My LA Times crossword debut

I constructed today’s Los Angeles Times crossword puzzle — my first for a paper that my family has subscribed to for my entire life. The puzzle will be available for a week or two on the LA Times crossword page, maybe a bit longer in the archives for Puzzle Society members, and should be downloadable with a quick xword-dl lat -d 12/14/22 for a good long time. Some spoiler-y notes below!

This puzzle was in the works for a while, and the version of the grid published today is way different from what I originally submitted. That version featured a punny revealer, mostly different themers, and more traditional rotational symmetry. I’m proud of that grid, pictured here, but it didn’t quite line up with the editorial vision at the LA Times, and they asked for some revisions that required architectural changes.

Crossword puzzle grid, filled in with highlighted themeres.
An earlier draft of the puzzle. Click to reveal or blur.

With crossword themes, you’re usually shooting for “tightness”1 and “consistency.”2 But as with Set rules, you can get credit for “consistent inconsistency.” One thing I liked about my earlier theme set is that each of the paired nos worked a little differently.

I wasn’t sure there would be a way to rework the puzzle and save the concept, but after a bunch of tinkering and staring at the grid, the idea of using diagonal symmetry (a hip and edgy option employed lately to great effect by Brooke Husic and others) occurred to me. In my opinion it’s a perfect match for the content.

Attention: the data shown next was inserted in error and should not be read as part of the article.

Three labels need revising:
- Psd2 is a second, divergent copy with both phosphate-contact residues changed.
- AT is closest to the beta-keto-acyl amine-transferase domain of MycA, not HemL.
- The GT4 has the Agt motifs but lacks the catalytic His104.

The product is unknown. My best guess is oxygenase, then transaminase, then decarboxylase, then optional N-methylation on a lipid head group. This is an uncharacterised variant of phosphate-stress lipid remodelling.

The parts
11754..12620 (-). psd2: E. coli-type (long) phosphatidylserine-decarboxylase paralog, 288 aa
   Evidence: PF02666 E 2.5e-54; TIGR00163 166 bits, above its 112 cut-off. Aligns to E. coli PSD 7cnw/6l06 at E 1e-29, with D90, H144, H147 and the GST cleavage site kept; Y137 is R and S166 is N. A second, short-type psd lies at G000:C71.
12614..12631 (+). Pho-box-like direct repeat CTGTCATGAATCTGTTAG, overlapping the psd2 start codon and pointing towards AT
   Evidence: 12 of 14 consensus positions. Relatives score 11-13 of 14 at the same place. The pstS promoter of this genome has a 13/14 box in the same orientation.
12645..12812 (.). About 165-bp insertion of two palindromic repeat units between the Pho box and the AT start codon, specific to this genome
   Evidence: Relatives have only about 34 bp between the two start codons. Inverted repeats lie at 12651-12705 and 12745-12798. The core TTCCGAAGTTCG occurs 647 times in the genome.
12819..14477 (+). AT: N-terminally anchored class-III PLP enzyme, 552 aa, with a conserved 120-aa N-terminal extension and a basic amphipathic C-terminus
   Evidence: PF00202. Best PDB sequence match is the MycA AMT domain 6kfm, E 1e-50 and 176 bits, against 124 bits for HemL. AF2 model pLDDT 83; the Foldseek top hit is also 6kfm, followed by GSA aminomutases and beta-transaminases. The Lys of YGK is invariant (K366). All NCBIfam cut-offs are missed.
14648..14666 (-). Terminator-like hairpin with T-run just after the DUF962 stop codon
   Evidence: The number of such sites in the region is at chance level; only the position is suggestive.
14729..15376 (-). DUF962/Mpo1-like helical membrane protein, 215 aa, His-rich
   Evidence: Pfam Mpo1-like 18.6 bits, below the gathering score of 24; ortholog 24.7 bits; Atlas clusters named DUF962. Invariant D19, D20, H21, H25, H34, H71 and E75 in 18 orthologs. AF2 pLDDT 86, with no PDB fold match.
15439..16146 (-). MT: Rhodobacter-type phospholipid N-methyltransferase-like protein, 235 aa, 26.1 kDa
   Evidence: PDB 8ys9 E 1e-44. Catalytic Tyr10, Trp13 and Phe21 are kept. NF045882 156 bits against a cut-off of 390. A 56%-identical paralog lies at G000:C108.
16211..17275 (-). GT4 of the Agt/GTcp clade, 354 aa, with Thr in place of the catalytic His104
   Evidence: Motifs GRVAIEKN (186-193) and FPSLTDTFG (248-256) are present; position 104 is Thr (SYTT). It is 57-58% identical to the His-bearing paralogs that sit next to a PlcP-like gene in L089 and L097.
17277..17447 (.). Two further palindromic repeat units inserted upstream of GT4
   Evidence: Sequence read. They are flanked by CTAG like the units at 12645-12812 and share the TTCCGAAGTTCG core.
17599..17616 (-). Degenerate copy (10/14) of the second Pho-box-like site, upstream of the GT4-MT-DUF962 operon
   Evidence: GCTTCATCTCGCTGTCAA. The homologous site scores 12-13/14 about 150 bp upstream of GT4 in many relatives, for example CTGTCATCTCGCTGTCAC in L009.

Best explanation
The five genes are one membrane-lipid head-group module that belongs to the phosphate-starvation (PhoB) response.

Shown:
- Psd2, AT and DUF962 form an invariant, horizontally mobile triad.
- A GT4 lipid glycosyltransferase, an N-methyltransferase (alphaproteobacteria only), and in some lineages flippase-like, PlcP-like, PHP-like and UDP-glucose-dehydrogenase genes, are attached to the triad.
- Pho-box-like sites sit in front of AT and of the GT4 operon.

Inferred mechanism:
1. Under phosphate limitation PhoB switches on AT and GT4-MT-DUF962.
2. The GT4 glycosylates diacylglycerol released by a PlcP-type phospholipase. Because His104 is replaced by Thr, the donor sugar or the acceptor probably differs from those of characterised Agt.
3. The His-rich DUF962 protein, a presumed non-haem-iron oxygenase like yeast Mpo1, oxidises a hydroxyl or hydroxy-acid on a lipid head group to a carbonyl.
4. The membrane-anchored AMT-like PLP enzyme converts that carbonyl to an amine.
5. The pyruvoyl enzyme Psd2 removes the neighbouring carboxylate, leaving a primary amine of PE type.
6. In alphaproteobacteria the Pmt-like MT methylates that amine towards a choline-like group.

Throughout, I was lucky to be using some new beta construction software called Ingrid by Ryan Fitzgerald. Ingrid does a few things that were huge on this puzzle: it supports diagonal symmetry out-of-the-box, it has a built-in mechanism for “versioning” a puzzle through different revisions, and allows constructors to easily exclude word options for a given slot and see what remain for the rest of the fill.

That last one is big for avoiding heart-breaking dupe situations. For example, I didn’t want NO to appear anywhere in the grid outside of the theme. Ingrid helped me steer clear of that without having to futz with my actual wordlist or filling most of a corner only to realize I was approaching a dead end.

Anyway, I hope you enjoyed the puzzle! I had a great time making it.

  1. Roughly, how much of the possible theme the entries in the grid represent. 

  2. Again, roughly, in how many ways your themers are similar to each other.